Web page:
Property developers extraordinaire?

Let's buy a house in Istria (part 3)

Like many people at the moment, we found ourselves searching for ways to generate more income and, in late December 2010, started looking to buy a rental property in Istria. Based on past experience, we knew it would take a while – and indeed, the hunt still continues – but in the process, another idea came up: an apartment block in the heart of old Pula instead. The only catch – it wasn’t built yet! With no experience in property development, speaking little Croatian and without appropriate financial backing, of course we decided we just had to take a look.


What’s gone before – The hunt begins | Mugeba revisited


In Roman footsteps

Aerial shot of site, right in the heart of old PulaAzra, my estate agent, started it all. “Does it have to be a house?” she asked, as I sat in her office, explaining our need to generate income. “There are other good possibilities right now. With the market crash, many developers have over-extended and are now selling unfinished projects at cut-down prices, to cover their debts. There’s a really good deal for a five-apartment development in the centre of old Pula – only €125,000.”


Architect's drawing showing the 2nd of 3 floorsIt looked good. The architect’s drawings showed an attractive, three-storey building with five, one-bedroom apartments and it had planning permission. All that was left was to pay the local taxes  … and build it. We could stump up the purchase price and surely we’d be able to raise the extra money.


But how much extra? I didn’t want to just take the developer’s financial plan at face value, so it was into research mode. First I spoke with a few builder contacts, who agreed with his budgeted build costs (well more or less). But comparing his projected sale prices against current real-life prices in Pula was far harder: most Pula apartments are in the suburbs, not in the heart of the old city. However, as with the costs, his projections seemed about right and it did seem as if the apartments would be desirable and sell well. Even when Mr. Spreadsheet himself ran detailed best and worst case scenarios, looking at long-term appreciation, ROI, yield and all those other incomprehensible abbreviations, everything looked good … too good. It was time to visit Pula, see the site and find the catch.


Location of plot behind wall, indicated by blue arrowWhen Azra said the site was in the heart of the old city, she hadn’t exaggerated. After a coffee by  the Roman arch (all business here is accompanied by coffee), we walked into the old Roman main street and took the second street on the right. And there was the site, somewhere behind an old stone wall and gateway. It was a lovely hill-side location, quiet yet close to the heart of the city, and with only an old stone apartment building above it and nothing much below.



It starts to unravel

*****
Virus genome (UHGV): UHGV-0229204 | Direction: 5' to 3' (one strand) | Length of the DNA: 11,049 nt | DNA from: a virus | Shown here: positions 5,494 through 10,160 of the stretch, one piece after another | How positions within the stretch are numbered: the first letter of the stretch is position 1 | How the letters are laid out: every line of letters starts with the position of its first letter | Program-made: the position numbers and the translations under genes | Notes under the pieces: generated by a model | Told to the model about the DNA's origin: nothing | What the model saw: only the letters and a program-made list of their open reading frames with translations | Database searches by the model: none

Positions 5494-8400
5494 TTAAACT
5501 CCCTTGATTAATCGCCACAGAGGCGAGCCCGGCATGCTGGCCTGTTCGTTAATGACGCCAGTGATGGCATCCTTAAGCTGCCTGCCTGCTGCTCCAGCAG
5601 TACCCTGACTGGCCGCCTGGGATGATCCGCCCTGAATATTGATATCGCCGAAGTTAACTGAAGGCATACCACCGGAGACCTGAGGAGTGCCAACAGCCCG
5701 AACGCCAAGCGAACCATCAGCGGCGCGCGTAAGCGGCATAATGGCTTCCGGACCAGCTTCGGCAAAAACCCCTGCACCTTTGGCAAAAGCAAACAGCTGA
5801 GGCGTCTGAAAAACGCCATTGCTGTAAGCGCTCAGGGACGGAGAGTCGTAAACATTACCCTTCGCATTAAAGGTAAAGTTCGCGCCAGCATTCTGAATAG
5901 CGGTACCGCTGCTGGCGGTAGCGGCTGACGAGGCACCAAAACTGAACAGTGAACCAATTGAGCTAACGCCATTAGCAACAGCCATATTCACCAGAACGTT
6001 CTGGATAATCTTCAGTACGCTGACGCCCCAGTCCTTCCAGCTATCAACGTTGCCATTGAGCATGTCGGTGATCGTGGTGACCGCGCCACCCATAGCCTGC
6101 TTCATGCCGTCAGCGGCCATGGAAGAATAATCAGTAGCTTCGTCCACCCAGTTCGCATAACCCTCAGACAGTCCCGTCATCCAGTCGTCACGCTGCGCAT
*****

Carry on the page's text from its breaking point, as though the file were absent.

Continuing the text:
wrought-iron gateway to building site in PulaThen … the first snag. Azra raised the issue of parking. With parking as rare as hen’s teeth in Pula centre, the council demands that any new apartment has to have its own parking space. In fact, the plot of land behind the building was just about big enough, but there was a problem with access – a problem only solvable if we bought the strip of land connecting our plot to the road. It was for sale – but this meant the project price had just leapt.


Nicky & Azra survey the apartment building location plot in PulaEven with the extra outlay, we decided it was still worth pursuing and set off to raise the extra capital. We needed to raise several hundred thousand Euros and with conservative projected returns of 19%, surely this would be possible? Wrong!  Even for such a potentially profitable venture, I could find no backers. If we wanted to do this, we’d have to fund it all ourselves. The realities of property development in today’s economic situation were becoming apparent.


Historic old building above the site with washing lineThen the real catch turned up – not money, but history. ‘Our’ site lay in the heart of Roman Pula, where hitting archaeology when you dig is guaranteed (and I think I even tripped over some, clambering around the site). “You are aware you’ll have to pay for an archaeological survey of the site, aren’t you?” asked our friend, Srdjan, when we mentioned the project to him. News to us. “And,” he continued, “you’ll have to pay for the dig, if they find anything. Not to mention it would delay the project by months, if not years”

 So a profitable and essentially simple development could very easily have turned into a bottomless money pit. In the end, our days as property developers only lasted one afternoon. But it was fun while it lasted.

 With our short Istrian property development careers behind us, what did we do next? Did we stop looking and buy Mugeba, or did we continue our hunt? Find out next time, when we look to see what else is out there

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